Bringing the ‘Bike Lane Uprising’ to Portland

未分类 / 星期四, 八月 23rd, 2018

What was the outcome of this? How often does it happen? I have no idea.

Catie Gould and Emily Guise are co-editors of our Adventures in Activism column.

It’s a scenario familiar to anyone biking in a city: you’re riding down the bike lane, when suddenly you’re forced to brake and swerve around an unforeseen obstacle blocking your way. At best, this is annoying; at worst, it is deadly.

Reporting these issues can be extremely frustrating. In Portland, there is no way to send a photo to the Parking Enforcement number, and callers rarely know if a ticket was ever issued. Reports to the 823-SAFE hotline can take months to be reviewed and disappear into a database that is not publicly accessible. This leads people to resort to social media, which raises only temporary awareness.

A new website aims to fill the gap. Since Bike Lane Uprising launched in September 2017, it has received over 2200 bike lane obstructions reports. Christina Whitehouse, an industrial designer in Chicago, has been surprised by how quickly it has taken off. The site allows people to submit incidents of bike lane infractions which are posted online and entered into a database and mapped. As more people contribute, Whitehouse can create heatmaps to identify conflict zones, trends, and notify businesses that are repeat offenders.

Chicago’s obstructions mapped.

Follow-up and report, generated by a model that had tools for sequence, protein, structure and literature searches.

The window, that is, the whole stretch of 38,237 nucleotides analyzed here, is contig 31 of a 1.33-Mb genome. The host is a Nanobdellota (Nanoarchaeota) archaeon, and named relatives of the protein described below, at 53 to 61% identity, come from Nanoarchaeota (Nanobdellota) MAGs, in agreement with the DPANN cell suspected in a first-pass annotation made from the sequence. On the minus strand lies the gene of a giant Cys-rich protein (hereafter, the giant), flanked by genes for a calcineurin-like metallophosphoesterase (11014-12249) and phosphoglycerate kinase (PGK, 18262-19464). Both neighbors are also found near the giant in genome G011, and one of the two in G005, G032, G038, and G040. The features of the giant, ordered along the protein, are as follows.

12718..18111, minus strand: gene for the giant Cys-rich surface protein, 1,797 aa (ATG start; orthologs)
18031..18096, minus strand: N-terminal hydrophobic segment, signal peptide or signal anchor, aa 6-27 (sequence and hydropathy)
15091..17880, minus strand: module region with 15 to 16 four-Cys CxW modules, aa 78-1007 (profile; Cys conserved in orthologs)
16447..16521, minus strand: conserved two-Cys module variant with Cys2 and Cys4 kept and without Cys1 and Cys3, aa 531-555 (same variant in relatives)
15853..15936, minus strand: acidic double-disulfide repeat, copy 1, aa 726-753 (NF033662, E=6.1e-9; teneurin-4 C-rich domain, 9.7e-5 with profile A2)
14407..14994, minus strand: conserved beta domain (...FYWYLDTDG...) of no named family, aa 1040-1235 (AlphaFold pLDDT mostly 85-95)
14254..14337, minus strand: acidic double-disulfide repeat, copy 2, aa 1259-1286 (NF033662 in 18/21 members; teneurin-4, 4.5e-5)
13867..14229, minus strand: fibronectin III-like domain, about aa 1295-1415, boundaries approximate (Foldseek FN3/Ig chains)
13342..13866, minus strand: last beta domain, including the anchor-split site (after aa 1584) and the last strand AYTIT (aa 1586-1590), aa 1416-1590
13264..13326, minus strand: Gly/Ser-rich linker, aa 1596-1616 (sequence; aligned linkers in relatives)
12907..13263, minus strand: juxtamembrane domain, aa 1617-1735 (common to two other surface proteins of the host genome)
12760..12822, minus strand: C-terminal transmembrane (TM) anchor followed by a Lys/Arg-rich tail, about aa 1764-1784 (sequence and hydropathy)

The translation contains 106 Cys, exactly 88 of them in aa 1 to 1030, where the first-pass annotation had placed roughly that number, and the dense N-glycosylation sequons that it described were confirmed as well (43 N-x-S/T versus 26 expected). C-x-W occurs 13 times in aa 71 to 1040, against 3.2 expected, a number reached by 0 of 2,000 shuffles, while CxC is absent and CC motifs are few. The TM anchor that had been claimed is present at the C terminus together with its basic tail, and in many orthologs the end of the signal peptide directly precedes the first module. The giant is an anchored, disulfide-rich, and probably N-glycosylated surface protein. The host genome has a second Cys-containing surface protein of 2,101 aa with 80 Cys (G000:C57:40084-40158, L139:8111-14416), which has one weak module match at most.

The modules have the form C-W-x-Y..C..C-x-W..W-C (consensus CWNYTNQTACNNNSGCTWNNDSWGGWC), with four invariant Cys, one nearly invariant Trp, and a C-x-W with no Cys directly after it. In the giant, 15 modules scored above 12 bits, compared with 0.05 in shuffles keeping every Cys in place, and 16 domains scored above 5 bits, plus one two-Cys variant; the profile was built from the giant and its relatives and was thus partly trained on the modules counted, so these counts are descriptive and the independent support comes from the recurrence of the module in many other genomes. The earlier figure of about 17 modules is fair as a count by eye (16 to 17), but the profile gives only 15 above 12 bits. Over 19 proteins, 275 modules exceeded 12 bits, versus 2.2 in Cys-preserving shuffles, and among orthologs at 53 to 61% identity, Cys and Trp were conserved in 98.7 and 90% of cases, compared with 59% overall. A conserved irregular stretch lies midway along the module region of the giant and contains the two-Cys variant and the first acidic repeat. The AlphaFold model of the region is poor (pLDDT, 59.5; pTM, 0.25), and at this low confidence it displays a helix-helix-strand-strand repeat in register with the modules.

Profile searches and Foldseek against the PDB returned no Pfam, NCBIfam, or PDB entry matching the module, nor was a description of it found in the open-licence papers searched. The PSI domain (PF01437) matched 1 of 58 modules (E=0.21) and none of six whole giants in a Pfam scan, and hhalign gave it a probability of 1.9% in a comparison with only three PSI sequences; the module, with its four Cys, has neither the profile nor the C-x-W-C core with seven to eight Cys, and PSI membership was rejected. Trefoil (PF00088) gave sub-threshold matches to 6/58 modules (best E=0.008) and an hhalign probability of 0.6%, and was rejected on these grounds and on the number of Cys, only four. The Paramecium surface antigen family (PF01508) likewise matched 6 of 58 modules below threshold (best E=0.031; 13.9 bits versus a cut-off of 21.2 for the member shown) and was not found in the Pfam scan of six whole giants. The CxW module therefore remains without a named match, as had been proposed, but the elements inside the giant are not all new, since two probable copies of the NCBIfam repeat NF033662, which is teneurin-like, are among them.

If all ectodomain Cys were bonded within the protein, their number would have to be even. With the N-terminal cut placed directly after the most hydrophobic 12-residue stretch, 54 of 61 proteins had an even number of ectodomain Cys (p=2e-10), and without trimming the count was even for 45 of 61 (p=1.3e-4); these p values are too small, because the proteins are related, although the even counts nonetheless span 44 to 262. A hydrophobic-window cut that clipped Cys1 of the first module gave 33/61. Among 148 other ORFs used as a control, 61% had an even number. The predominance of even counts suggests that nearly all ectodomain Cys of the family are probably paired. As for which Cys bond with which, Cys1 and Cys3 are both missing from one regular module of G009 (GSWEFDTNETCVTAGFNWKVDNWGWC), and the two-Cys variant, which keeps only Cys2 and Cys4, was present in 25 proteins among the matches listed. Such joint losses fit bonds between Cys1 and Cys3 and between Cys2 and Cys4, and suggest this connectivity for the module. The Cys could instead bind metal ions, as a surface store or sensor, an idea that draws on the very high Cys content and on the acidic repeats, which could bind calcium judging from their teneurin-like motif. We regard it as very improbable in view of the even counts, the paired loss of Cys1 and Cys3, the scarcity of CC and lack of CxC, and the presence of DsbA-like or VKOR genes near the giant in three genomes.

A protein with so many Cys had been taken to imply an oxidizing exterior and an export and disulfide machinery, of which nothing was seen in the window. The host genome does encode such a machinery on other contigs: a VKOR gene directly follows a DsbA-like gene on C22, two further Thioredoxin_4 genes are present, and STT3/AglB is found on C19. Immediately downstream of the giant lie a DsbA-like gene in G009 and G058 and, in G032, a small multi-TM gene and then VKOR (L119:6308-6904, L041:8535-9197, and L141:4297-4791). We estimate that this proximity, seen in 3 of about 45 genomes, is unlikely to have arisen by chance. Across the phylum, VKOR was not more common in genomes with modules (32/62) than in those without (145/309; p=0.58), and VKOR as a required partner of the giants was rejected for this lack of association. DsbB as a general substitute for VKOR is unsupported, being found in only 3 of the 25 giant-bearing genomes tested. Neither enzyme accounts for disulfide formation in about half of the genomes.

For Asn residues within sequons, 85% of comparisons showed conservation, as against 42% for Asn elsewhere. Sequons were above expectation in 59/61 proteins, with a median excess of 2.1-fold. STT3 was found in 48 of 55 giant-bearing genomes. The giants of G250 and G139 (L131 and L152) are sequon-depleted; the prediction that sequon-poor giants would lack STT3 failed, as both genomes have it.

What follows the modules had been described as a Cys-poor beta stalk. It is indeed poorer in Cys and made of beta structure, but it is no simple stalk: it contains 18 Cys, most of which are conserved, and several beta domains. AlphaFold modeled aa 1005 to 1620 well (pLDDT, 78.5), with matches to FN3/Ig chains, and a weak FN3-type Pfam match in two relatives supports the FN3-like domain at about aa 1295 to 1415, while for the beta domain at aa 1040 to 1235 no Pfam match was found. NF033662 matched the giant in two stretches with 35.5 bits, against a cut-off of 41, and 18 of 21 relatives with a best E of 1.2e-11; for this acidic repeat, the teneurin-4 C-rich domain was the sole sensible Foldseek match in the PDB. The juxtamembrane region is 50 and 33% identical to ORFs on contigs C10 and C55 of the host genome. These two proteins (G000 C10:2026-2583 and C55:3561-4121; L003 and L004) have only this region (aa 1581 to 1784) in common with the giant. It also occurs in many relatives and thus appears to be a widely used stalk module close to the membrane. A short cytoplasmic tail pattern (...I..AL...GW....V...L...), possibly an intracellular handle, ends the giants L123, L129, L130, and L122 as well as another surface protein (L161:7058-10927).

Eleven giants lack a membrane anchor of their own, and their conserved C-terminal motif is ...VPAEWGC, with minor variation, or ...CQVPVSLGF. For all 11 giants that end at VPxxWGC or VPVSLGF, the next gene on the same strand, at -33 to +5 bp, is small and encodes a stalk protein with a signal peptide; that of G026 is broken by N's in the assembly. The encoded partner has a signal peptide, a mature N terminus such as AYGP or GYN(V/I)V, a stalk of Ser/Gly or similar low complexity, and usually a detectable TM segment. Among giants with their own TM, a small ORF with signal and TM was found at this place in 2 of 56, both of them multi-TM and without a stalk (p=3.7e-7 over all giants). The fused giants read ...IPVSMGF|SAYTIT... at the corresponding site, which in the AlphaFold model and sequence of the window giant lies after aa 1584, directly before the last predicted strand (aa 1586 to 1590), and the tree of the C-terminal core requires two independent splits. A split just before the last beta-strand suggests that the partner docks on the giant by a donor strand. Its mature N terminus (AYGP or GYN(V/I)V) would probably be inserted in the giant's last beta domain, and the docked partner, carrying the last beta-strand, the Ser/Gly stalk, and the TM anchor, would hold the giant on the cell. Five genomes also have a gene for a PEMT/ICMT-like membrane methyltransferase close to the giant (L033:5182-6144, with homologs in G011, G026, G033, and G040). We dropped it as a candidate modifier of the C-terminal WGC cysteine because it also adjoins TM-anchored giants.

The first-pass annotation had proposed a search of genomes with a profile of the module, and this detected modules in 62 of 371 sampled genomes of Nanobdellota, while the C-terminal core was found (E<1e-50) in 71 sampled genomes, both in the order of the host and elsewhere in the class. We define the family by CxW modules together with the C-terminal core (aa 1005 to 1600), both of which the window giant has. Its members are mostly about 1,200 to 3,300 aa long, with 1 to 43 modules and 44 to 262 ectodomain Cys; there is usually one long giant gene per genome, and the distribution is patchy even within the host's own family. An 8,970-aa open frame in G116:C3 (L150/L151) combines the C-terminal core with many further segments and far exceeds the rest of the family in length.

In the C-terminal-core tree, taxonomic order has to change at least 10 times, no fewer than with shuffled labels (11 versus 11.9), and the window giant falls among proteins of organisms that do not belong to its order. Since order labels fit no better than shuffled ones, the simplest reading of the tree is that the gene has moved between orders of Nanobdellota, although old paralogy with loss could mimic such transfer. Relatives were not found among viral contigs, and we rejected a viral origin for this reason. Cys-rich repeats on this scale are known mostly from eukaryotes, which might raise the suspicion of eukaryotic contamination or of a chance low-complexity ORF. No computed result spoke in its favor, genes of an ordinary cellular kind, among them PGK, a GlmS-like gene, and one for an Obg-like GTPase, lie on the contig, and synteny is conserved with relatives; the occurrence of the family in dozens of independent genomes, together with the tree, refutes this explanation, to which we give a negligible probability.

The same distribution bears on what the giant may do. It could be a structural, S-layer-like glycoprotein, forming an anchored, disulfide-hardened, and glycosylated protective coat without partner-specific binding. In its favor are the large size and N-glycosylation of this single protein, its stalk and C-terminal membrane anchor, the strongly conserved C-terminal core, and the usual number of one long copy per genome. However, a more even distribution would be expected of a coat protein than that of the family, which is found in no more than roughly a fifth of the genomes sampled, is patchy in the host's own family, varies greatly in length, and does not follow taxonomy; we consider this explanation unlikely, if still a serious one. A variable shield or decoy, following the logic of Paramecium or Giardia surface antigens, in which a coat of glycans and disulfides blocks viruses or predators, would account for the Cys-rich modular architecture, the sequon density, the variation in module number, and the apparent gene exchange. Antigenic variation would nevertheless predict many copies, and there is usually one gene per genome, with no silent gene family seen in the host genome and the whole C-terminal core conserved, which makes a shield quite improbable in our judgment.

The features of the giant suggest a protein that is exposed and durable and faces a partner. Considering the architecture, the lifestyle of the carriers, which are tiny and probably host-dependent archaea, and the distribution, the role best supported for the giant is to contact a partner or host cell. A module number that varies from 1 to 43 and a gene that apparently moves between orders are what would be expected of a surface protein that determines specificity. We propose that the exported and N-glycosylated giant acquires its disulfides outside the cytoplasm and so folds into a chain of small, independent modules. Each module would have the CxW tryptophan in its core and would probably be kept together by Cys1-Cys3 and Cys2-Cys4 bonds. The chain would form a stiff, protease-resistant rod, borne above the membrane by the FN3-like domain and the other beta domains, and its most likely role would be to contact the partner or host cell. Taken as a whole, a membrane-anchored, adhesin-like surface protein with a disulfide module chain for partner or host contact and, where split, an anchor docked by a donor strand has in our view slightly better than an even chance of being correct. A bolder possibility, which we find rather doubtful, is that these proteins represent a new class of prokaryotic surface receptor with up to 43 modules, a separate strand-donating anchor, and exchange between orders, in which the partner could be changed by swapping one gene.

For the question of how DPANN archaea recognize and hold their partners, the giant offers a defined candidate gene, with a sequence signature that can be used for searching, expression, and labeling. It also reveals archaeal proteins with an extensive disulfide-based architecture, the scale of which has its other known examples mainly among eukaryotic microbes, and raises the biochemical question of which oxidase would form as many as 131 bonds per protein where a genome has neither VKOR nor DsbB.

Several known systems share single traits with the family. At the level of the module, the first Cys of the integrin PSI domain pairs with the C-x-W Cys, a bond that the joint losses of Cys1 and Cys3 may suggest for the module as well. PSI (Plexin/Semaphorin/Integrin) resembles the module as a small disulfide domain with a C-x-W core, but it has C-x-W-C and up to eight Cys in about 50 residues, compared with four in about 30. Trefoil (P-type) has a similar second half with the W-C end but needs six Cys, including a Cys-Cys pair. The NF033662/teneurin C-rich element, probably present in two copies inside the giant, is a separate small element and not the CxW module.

Whitehouse started the site as a passion project. She was frustrated with the official channels to report bike lane violations after her own close call.

In June of 2016 she found herself almost caught underneath the wheels of a commercial truck that turned into the bike lane. Unscathed but mad, she tried reporting the incident to the truck company and to the City of Chicago, but couldn’t connect her story to someone who cared. Just two weeks later Whitehouse read about another rider who was fatally struck in similar circumstances: Virginia Murray, a woman the same age, also riding a Divvy bike share bike, was hit by a turning flatbed truck driver. She was the first person in the U.S. to die while using bike share.

Advocates in Washington, DC began using the site in March, then Nashville joined in April. The website got a flurry of press in late July after Whitehouse met with the Chicago’s Department of Finance, which receives nearly $264 million in parking tickets each year.

According to a tweet from @bikelaneuprise in August, membership had doubled within a month. Now the website lists twenty-eight cities with contributors. The most recent map available, updated July 31, showed Portland as the first West Coast city to have submissions.

Portlanders getting into the action.

To become a contributor, set up a profile and start reporting your violations (we still recommend calling Portland Parking Enforcement at 503-823-5195 or the non-emergency Police line at 503-823-3333). All reports show up on the global map which is updated monthly. Once registered, you can report issues in any city on the map. Currently, there are only four cities with their own local maps, but more are under development for other cities once they gain enough usage.

Whitehouse isn’t involved with any bike advocacy groups, but is happy that this information can help other organizations who are pushing for change, either by showing information to city officials or educating badly behaving companies. The work is currently funded by donations and supported by volunteers. Whitehouse is already working on the next version of the site, which will have a more user friendly submission process with improvements for both mobile and desktop.

Calling all Portlanders: Next time you see a bike lane obstruction, you know what to do!

— Catie Gould (@Citizen_Cate) and Emily Guise (@Eguise): Read more in their Adventures in Activism column.

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